warning Hi, we've moved to USCANNENBERGMEDIA.COM. Visit us there!

Neon Tommy - Annenberg digital news

Members Of San Francisco’s Catholic Community Campaign For Immigration Reform

Sarah Parvini |
January 20, 2013 | 8:24 p.m. PST

Deputy Editor

The group advocates a reform plan that involves a worker program and addressing the root causes of migration. (Sarah Parvini)
The group advocates a reform plan that involves a worker program and addressing the root causes of migration. (Sarah Parvini)

A crowd of about 50 people gathered at St. Peter’s Church in San Francisco Sunday afternoon, discussing the role faith plays in immigration reform. 

The “Campaign for Citizenship” presentation, co-hosted by the San Francisco Organization Project and the San Francisco archdiocese, focused on how “people of faith” could assist in the organization’s fight to extend citizenship rights to the near 11 million undocumented immigrants currently in the United States. 

Immigration is among the top issues championed by San Francisco’s new archbishop, Salvatore Cordileone, who vowed to support the immigrant population after being appointed last July.  

His sentiments echo that of the United States Conference of Catholic Bishops, which officially opposes "enforcement only" immigration policies and supports comprehensive immigration reform. 

The group advocates a reform plan that involves a worker program and addressing the root causes of migration. 

"[W]hen persons cannot find employment in their country of origin to support themselves and their families, they have a right to find work elsewhere in order to survive," the U.S. Catholic Bishops said in a pastoral letter on migration entitled "Strangers No Longer: Together on the Journey of Hope."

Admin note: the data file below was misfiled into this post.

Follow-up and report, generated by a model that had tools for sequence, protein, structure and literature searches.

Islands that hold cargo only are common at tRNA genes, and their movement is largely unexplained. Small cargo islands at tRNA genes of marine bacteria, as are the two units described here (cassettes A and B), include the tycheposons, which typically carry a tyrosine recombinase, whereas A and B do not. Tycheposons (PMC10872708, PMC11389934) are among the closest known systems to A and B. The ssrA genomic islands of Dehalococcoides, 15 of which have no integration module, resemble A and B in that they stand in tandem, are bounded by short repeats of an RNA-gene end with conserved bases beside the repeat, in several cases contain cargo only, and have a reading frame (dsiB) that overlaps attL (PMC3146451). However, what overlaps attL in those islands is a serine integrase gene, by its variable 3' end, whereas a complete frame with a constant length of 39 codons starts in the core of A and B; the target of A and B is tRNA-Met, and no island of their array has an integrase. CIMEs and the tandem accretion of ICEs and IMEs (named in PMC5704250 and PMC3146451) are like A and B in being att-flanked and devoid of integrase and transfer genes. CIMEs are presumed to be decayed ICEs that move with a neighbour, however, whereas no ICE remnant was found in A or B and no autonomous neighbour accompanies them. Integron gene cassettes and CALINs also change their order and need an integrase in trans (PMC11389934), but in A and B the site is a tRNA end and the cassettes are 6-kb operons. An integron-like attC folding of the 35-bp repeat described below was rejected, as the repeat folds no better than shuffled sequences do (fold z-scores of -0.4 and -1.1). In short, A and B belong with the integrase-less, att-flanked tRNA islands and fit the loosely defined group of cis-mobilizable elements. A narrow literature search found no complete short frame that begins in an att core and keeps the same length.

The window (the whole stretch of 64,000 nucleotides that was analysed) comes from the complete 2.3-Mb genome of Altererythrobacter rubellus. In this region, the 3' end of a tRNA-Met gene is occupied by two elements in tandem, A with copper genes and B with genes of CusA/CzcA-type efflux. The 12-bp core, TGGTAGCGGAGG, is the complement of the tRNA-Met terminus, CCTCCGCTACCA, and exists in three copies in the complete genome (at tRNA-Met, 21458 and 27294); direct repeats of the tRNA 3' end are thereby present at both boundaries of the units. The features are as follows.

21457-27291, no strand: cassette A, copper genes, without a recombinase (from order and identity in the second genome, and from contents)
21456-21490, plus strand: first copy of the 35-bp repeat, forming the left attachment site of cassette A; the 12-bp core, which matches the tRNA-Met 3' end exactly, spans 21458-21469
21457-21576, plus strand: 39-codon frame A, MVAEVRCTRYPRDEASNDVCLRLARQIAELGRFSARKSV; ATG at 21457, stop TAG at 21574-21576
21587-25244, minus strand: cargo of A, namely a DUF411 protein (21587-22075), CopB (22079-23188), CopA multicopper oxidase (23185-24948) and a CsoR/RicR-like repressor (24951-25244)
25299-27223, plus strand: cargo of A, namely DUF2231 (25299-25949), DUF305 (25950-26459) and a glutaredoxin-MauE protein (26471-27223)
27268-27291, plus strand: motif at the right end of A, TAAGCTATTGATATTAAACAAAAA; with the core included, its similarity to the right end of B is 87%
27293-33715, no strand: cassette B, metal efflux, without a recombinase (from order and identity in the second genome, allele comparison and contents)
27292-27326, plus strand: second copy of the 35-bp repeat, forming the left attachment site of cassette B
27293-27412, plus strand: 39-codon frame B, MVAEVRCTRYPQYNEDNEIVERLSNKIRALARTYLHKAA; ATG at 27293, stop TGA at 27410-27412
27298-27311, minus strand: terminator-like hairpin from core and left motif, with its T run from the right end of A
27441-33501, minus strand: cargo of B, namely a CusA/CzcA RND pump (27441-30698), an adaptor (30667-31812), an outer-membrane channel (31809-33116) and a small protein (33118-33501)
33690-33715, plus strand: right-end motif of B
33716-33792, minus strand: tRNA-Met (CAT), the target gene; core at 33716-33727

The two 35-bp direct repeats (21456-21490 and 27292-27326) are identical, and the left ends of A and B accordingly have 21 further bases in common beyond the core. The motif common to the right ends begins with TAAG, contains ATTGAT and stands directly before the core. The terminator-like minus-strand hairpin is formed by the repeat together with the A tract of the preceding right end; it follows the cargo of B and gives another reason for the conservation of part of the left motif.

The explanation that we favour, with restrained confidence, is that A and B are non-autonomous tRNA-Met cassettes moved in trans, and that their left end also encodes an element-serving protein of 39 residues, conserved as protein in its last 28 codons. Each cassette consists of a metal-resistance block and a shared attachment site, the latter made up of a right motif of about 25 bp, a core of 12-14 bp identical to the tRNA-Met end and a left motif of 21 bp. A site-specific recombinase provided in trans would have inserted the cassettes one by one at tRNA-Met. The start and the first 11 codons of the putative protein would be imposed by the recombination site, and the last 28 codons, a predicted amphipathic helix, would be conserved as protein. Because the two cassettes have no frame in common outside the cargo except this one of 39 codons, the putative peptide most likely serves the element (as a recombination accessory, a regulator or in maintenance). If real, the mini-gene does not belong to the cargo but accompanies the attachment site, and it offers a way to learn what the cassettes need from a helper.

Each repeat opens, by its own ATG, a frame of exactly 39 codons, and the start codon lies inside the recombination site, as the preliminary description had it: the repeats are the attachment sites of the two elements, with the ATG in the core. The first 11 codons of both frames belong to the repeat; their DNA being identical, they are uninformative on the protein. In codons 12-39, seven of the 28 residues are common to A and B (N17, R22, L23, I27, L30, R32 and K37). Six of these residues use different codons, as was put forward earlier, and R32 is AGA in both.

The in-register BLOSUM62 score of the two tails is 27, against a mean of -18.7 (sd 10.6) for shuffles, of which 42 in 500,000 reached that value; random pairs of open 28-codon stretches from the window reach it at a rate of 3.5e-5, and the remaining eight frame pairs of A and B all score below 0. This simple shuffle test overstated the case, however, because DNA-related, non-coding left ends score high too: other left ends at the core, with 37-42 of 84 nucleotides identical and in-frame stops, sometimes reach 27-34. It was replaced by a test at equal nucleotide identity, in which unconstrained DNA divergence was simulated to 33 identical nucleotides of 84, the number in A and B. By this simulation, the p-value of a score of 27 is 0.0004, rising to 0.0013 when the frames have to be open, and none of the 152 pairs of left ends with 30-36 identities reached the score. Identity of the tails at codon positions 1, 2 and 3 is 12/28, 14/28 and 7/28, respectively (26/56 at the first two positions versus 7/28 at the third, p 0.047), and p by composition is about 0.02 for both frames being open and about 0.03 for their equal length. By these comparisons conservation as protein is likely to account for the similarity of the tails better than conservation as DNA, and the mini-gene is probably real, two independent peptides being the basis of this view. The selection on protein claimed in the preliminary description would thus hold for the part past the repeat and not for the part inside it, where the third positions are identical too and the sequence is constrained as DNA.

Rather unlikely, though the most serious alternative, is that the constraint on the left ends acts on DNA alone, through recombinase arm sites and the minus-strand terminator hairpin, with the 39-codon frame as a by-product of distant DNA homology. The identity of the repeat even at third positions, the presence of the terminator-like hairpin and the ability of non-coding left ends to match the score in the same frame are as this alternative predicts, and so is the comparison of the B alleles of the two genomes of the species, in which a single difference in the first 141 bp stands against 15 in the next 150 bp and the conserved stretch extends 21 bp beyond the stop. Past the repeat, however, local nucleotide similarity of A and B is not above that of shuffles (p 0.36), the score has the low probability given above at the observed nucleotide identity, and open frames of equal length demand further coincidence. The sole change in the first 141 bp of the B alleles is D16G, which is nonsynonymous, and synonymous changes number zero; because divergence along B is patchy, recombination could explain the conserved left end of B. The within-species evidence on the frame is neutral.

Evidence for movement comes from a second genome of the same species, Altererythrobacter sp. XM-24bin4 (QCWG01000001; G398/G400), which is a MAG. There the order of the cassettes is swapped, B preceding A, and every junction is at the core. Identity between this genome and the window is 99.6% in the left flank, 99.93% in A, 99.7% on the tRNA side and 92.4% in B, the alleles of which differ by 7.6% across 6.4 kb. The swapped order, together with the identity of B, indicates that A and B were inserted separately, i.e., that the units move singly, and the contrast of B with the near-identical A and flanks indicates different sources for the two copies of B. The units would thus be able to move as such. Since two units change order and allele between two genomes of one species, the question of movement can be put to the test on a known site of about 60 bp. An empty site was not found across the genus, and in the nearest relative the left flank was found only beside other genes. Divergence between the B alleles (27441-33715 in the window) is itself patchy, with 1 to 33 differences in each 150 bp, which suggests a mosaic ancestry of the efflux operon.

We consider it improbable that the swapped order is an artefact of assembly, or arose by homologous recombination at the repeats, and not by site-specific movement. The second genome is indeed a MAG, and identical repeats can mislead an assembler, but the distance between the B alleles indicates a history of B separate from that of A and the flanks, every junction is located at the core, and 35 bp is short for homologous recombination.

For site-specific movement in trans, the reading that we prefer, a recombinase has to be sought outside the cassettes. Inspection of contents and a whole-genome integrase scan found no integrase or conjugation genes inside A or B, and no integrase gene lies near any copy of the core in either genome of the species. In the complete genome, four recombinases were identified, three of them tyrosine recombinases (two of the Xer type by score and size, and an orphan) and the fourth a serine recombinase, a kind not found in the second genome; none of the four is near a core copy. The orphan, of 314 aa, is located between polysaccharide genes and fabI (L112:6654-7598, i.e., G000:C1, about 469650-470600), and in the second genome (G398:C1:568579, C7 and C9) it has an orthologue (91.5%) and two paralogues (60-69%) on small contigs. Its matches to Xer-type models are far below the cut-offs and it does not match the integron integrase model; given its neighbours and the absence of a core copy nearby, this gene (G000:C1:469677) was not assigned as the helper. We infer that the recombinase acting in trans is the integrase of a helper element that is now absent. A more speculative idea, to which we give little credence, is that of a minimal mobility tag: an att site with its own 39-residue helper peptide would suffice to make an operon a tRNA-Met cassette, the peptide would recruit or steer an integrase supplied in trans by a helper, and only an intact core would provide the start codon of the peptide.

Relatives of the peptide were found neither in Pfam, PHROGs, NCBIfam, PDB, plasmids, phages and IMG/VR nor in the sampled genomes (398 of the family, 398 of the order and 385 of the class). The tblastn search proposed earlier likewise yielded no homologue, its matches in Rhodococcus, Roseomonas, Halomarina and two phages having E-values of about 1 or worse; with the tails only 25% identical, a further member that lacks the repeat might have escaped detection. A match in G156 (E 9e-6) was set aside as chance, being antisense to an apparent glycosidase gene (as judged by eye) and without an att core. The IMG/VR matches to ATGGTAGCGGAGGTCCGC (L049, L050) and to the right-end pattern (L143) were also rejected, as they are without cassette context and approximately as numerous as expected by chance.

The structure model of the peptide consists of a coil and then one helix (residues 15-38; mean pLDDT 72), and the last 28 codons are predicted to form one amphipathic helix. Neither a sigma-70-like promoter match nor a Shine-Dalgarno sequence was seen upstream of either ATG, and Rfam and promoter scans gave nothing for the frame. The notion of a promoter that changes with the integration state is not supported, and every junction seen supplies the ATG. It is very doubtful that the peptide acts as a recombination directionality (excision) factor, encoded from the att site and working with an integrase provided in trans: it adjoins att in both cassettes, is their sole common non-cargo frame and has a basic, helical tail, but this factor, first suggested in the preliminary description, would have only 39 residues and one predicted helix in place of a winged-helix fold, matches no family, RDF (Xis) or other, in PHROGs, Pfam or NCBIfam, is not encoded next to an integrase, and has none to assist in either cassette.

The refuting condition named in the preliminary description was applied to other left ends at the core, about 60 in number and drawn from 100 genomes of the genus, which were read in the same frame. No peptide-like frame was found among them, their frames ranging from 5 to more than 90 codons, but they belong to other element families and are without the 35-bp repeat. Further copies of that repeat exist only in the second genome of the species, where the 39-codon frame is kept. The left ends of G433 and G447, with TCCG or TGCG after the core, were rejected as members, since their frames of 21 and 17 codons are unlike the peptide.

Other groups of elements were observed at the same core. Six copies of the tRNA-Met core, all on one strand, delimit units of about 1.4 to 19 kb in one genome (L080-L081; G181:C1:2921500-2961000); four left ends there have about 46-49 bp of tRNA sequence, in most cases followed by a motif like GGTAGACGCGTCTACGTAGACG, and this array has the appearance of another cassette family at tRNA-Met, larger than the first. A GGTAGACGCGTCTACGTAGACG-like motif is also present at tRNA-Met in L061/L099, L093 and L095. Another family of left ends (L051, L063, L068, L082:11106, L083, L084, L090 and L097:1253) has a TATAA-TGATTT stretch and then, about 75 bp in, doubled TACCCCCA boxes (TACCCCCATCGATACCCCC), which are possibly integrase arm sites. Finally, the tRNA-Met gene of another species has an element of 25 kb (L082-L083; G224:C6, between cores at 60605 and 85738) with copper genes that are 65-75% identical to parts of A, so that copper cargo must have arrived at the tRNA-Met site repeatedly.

Those at the meeting argued that the immigrant population needs to be recognized for its contributions to American society, and that faith is at the core of compassion for those who seek a way out of their problems in their home country.

“My faith teaches me to be sympathetic and to stop something that is very wrong, like separating families,” said Leticia Medina, a member of the church. 

Medina said she knows families who have been split because of immigration policy. Children are often left with only one parent, which makes proper care and education difficult, she added. 

San Francisco has been a city and county of refuge, or sanctuary city, since 1989. City employees are prohibited from assisting Immigration and Customs Enforcement officials with investigations or arrests “unless such help is required by federal or state law or a warrant,” according to a city ordinance.

Attendees of Sunday’s gathering also argued that citizenship should be a litmus test for Latino voters. 

Veronica Ramirez, 34, works for the San Francisco Organization Project; she moved from Mexico to the United States in 1996. Ramirez’s Catholic faith is an integral part in her fight for a path to citizenship for undocumented immigrants.  She said the campaign brings her closer to accomplishing the goals God has set for her.

“God says that when you do something for the less fortunate you are doing it for Him,” she said. “We call it putting faith in action.”


Reach Deputy Editor Sarah Parvini here. Follow her on Twitter.



Craig Gillespie directed this true story about "the most daring rescue mission in the history of the U.S. Coast Guard.”

Watch USC Annenberg Media's live State of the Union recap and analysis here.